Saka Y, Lhoussaine C, Kuttler C, Ullner E, Thiel M - BMC Syst Biol (2011)

Influence of gene copy number on gene expressions at steady state. (A) Probability distribution of [Ap] at the end of stochastic simulations for the community size n = 100 (t = 10000 min). Plots for different combinations of gene copy numbers are shown as indicated. (B) [Ap] at steady state ([Ap]*) is plotted as a function of community size for different gene copy numbers as indicated. [Ap]* is calculated according to Eqs.35 in additional file 1 with parameter values in Table 1, ε = 5.78 × 10 -7. Dotted lines are the theoretical maxima . (C) [Bpout] at steady state ([Bpout]*) is plotted as a function of community size for different gene copy numbers. Parameter values are the same as in (B). [Bpout]* also approaches to the theoretical upper limit  (not shown;  ≈ 358000 for a = 2, b = 2; 308000 for a = 1, b = 2; 172000 for a = 2, b = 1; 143000 for a = 1, b = 1).
© Copyright Policy - open-access
Related In: Results  -  Collection

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Show All Figures
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Figure 6: Influence of gene copy number on gene expressions at steady state. (A) Probability distribution of [Ap] at the end of stochastic simulations for the community size n = 100 (t = 10000 min). Plots for different combinations of gene copy numbers are shown as indicated. (B) [Ap] at steady state ([Ap]*) is plotted as a function of community size for different gene copy numbers as indicated. [Ap]* is calculated according to Eqs.35 in additional file 1 with parameter values in Table 1, ε = 5.78 × 10 -7. Dotted lines are the theoretical maxima . (C) [Bpout] at steady state ([Bpout]*) is plotted as a function of community size for different gene copy numbers. Parameter values are the same as in (B). [Bpout]* also approaches to the theoretical upper limit (not shown; ≈ 358000 for a = 2, b = 2; 308000 for a = 1, b = 2; 172000 for a = 2, b = 1; 143000 for a = 1, b = 1).
Mentions: Figure 6A shows that the heterozygous diploid cell community (a = 1, b = 2 or a = 2, b = 1) have a diminished expression of gene A (and gene B, data not shown) compared to the homozygous diploid cell community (a = 2, b = 2). Figure 6B shows [Ap] at steady state ([Ap]*) as a function of community size n with different gene copy numbers. The plot indicates that, even when cells in the community continue to proliferate, [Ap]* (and also [Bpin]*, data not shown) of the heterozygous diploid cells never reaches that of normal homozygous cells. The analysis revealed that [Ap]* has a theoretical upper limit (dotted lines in Figure 6B). Therefore, the compromised gene expression in the heterozygous diploid cell community cannot be compensated by increasing its population size.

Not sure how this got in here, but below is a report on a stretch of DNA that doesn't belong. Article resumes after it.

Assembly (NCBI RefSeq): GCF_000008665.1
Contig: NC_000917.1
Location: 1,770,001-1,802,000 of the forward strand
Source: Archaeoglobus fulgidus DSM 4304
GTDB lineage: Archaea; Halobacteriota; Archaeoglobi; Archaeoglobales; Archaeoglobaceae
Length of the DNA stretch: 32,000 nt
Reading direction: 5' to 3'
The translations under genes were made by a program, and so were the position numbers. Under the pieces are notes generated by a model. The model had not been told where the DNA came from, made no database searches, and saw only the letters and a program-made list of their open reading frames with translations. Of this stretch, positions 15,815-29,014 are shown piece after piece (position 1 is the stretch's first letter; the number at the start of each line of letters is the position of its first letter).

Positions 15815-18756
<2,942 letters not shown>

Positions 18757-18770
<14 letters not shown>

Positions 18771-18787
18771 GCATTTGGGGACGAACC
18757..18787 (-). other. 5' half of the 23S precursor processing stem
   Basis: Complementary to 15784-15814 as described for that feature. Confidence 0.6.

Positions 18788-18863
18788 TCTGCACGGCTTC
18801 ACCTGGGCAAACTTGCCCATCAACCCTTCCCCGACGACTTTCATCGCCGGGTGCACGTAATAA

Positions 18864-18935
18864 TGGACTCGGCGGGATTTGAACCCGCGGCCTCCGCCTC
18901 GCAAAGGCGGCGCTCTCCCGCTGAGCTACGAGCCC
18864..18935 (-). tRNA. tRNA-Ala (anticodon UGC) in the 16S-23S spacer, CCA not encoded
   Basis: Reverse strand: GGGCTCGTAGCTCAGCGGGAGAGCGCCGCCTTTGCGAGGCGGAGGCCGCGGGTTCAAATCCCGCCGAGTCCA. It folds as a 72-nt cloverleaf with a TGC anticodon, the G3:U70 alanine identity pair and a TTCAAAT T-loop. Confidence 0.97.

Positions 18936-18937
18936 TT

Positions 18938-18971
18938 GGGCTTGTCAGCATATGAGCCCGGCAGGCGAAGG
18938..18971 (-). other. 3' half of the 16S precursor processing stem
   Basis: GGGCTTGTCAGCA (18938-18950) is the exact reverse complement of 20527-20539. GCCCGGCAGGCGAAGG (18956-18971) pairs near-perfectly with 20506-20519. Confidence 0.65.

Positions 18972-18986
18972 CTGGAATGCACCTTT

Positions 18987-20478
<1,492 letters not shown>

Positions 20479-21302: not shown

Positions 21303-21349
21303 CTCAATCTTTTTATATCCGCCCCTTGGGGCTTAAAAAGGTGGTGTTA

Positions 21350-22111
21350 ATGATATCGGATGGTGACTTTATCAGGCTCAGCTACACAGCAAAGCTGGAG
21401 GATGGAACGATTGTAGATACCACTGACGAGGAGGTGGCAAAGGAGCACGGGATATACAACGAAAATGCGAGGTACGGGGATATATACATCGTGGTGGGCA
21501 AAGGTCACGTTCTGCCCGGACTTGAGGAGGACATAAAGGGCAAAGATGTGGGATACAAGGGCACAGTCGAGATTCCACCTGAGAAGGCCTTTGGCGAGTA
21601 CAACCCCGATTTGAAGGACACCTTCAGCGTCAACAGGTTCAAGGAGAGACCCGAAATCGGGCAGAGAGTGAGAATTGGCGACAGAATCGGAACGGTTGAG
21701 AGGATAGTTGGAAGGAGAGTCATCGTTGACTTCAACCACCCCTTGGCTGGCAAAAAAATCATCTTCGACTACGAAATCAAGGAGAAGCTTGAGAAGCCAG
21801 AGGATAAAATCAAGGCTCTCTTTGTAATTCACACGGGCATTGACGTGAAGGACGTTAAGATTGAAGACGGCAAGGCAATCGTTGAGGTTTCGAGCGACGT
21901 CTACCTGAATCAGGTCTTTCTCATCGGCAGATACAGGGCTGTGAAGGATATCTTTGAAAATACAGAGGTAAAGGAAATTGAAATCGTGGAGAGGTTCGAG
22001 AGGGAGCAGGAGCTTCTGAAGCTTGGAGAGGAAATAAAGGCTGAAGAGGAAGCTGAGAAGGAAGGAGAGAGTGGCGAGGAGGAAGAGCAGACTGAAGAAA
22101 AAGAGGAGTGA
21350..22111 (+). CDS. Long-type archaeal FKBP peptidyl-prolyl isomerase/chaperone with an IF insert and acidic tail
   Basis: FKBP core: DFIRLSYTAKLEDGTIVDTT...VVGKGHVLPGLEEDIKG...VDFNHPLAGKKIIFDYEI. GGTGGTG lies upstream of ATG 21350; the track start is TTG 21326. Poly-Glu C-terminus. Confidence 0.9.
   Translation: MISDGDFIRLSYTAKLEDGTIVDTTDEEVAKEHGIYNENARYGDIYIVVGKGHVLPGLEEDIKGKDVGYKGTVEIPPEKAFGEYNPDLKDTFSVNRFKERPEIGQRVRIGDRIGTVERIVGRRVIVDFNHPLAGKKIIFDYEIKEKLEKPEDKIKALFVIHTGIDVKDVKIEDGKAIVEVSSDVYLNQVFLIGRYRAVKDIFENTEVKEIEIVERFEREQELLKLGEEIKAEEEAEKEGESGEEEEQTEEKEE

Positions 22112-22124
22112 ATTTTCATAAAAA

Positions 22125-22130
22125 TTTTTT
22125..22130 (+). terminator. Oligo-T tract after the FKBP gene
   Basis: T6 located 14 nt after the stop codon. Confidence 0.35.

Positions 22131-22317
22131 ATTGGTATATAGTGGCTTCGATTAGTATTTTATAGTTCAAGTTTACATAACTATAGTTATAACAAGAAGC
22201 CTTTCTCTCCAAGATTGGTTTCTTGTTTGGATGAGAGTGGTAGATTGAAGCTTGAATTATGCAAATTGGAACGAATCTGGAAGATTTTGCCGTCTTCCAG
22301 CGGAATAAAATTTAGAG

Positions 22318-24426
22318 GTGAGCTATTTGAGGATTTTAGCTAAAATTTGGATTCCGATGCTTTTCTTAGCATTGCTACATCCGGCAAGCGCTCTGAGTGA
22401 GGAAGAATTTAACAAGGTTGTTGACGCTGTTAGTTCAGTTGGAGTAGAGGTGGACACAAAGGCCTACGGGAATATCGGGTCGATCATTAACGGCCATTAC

Bottom Line: We have derived the analytical formula for the threshold size of a cell population that is necessary for a community effect, which is in good agreement with stochastic simulation results.The mechanism of the community effect revealed by our theoretical analysis is analogous to that of quorum sensing in bacteria.The community effect may underlie the size control in animal development and also the genesis of autosomal dominant diseases including tumorigenesis.

View Article: PubMed Central - HTML - PubMed

Affiliation: Institute of Medical Sciences, University of Aberdeen, Foresterhill, Aberdeen AB25 2ZD, UK. y.saka@abdn.ac.uk

ABSTRACT

Background: Genetically identical cells often show significant variation in gene expression profile and behaviour even in the same physiological condition. Notably, embryonic cells destined to the same tissue maintain a uniform transcriptional regulatory state and form a homogeneous cell group. One mechanism to keep the homogeneity within embryonic tissues is the so-called community effect in animal development. The community effect is an interaction among a group of many nearby precursor cells, and is necessary for them to maintain tissue-specific gene expression and differentiate in a coordinated manner. Although it has been shown that the cell-cell communication by a diffusible factor plays a crucial role, it is not immediately obvious why a community effect needs many cells.

Results: In this work, we propose a model of the community effect in development, which consists in a linear gene cascade and cell-cell communication. We examined the properties of the model theoretically using a combination of stochastic and deterministic modelling methods. We have derived the analytical formula for the threshold size of a cell population that is necessary for a community effect, which is in good agreement with stochastic simulation results.

Conclusions: Our theoretical analysis indicates that a simple model with a linear gene cascade and cell-cell communication is sufficient to reproduce the community effect in development. The model explains why a community needs many cells. It suggests that the community's long-term behaviour is independent of the initial induction level, although the initiation of a community effect requires a sufficient amount of inducing signal. The mechanism of the community effect revealed by our theoretical analysis is analogous to that of quorum sensing in bacteria. The community effect may underlie the size control in animal development and also the genesis of autosomal dominant diseases including tumorigenesis.

Show MeSH
Related in: MedlinePlus